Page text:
April 2016 Newsletter

General rules

If you receive a taxable dividend from a Canadian corporation, you will normally be entitled to the dividend tax credit (“DTC”) in respect of the dividend. The purpose of the DTC, along with the gross-up mechanism discussed below, is to provide you with a credit that reflects the income tax presumed to have been paid by the corporation on the income from which the dividend was paid.

In other words, because the dividend is paid out of the corporation’s after-tax income, the DTC is meant to prevent double taxation.

There are two sets of DTC and gross-up rates, depending on the type of dividend. It will be either an “eligible dividend” or a non-eligible dividend.

In general terms, a non-eligible dividend is one received from a Canadian-controlled private corporation (CCPC) out of its business income that was subject to the small business corporate tax rate (applicable to first $500,000 of active business income per year). This corporate rate is lower than the general corporate tax rate.

An eligible dividend is generally paid from a corporation whose income was subject to the general corporate tax rate rather than the small business rate. The corporation paying you the dividend must notify you whether it is an eligible dividend or not. This is done on the T5 slip; different boxes are used for eligible dividends and other dividends.

Because of the two different corporate tax rates, different DTCs are used to reflect the amount of tax paid by the corporation. As noted, the DTC mechanism is meant to alleviate the double tax that would otherwise be paid by you and the corporation combined.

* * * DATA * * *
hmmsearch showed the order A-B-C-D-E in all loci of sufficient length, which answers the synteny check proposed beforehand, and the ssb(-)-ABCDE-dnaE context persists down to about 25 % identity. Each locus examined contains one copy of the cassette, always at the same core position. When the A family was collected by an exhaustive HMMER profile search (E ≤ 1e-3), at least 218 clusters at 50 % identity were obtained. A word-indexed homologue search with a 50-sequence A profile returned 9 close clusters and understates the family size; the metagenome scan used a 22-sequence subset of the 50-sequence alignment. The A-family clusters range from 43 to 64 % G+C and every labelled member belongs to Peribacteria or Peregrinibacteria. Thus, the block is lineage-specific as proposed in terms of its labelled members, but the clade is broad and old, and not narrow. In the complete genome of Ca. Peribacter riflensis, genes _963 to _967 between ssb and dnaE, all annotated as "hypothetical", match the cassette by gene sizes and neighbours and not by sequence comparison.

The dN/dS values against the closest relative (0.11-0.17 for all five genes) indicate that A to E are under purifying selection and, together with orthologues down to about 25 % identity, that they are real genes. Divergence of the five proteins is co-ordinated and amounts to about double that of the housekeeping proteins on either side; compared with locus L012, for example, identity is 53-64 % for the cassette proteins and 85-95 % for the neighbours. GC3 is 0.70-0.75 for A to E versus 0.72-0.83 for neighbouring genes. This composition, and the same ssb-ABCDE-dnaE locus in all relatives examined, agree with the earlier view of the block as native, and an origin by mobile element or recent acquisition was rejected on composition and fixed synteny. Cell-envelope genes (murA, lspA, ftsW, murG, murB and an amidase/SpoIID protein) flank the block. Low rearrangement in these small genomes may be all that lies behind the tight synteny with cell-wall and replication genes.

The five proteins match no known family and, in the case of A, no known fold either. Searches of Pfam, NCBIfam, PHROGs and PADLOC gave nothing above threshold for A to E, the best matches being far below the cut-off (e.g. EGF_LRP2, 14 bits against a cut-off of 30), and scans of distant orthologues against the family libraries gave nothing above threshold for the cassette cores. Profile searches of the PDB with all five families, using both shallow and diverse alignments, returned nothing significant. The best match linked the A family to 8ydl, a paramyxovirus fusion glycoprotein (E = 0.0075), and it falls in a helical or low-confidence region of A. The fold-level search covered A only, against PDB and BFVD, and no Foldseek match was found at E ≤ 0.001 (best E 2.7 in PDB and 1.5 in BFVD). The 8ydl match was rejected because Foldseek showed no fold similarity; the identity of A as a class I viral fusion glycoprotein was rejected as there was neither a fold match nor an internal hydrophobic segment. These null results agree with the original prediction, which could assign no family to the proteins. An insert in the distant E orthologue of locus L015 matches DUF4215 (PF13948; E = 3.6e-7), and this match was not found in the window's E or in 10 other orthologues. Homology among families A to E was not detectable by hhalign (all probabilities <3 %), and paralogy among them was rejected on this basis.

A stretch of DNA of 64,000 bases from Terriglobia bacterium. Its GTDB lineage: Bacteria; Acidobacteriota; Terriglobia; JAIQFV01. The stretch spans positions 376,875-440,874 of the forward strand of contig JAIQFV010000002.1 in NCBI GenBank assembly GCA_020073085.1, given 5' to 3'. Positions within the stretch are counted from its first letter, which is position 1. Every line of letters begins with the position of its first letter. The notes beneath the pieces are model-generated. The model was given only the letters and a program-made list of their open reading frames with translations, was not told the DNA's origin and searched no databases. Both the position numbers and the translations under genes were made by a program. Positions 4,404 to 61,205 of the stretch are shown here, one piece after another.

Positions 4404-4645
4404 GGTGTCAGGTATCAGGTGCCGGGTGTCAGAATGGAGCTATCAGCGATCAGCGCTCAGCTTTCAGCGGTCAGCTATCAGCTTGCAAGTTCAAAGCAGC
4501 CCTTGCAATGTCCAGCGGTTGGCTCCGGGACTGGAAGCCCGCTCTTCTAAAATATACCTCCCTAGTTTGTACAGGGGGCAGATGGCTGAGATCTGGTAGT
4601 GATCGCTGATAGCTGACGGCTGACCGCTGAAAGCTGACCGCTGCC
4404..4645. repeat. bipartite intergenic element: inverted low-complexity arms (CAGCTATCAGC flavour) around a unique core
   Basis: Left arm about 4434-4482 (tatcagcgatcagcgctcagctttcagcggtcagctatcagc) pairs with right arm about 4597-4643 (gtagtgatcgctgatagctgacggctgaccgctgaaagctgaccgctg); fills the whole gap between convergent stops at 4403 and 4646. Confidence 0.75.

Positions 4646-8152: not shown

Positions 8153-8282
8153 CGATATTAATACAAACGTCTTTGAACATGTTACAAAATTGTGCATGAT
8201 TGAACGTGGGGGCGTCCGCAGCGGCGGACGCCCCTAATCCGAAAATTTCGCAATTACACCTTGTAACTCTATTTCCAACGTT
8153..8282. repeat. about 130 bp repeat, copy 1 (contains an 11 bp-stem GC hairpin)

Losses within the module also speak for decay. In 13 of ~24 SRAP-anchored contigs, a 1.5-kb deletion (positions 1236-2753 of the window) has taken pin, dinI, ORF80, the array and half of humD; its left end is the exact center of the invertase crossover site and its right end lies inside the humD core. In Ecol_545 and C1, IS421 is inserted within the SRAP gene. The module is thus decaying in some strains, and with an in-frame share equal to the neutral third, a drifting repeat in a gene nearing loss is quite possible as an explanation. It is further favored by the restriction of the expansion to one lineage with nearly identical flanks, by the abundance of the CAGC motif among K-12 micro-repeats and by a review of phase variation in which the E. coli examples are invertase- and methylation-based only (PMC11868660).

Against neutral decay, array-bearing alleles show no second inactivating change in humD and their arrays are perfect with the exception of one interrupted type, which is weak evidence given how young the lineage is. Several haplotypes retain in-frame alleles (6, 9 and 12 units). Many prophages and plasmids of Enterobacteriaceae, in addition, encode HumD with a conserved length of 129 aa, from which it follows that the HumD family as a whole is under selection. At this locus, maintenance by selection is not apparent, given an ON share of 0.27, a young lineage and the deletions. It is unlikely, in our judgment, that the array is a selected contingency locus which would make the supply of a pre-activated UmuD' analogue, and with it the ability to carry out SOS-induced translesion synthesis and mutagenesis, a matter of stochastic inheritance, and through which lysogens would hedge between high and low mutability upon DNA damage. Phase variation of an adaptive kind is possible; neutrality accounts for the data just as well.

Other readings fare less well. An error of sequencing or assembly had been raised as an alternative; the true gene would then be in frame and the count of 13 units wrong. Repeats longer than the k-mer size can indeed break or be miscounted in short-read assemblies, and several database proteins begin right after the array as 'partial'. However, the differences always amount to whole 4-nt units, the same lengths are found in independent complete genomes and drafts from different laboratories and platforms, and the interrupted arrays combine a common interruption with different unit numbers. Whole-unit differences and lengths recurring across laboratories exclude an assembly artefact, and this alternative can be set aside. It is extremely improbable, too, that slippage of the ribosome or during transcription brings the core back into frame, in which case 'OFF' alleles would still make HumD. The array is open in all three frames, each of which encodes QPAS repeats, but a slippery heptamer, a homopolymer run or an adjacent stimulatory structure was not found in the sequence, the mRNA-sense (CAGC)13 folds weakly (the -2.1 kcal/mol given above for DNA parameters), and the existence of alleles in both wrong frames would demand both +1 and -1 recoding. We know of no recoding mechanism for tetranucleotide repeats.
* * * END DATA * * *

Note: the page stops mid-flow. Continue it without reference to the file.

Amount of DTC and gross-up

For eligible dividends, the federal gross-up amount is 38% of the dividend, and the DTC is 6/11 of the gross-up amount or 15.02% of the entire grossed-up dividend (6/11 x 0.38 / 1.38).

For 2015 (on the return you may be filing now in April 2016), the federal gross-up for non-eligible dividends was 18% of the dividend. Due to reductions in the small business corporate tax rates over the next four years, the gross-up is 17% of the dividend for 2016 and 2017, 16% for 2018, and 15% for 2019. The corresponding DTC rates will be: 21/29 of the gross-up amount for 2016; 20/29 for 2017 and 2018; and 9/13 after 2018.

The provinces also have gross-up and DTC amounts for provincial tax purposes, which vary from province to province.

Owing to the gross-up / DTC mechanism, an individual can receive a significant amount of dividends without paying much or any tax, particularly in the case of eligible dividends.

Example with eligible dividend

John is 20 years old. In 2016, his only source of income is $50,000 of eligible dividends from a family corporation.

John will report $50,000 plus the 38% gross up in income, resulting in net income and taxable income of $69,000 for 2016. On this amount, his initial federal tax will be $9,933 after the basic personal tax credit.

The federal DTC will equal 6/11 x $19,000, or $10,363. Therefore, John’s net federal income tax will be nil. Unfortunately, the excess DTC is not refundable. The amount of provincial tax will depend on the particular province, but will similarly be either nil or a fairly low amount.

Last modified on April 13, 2016 12:00 am
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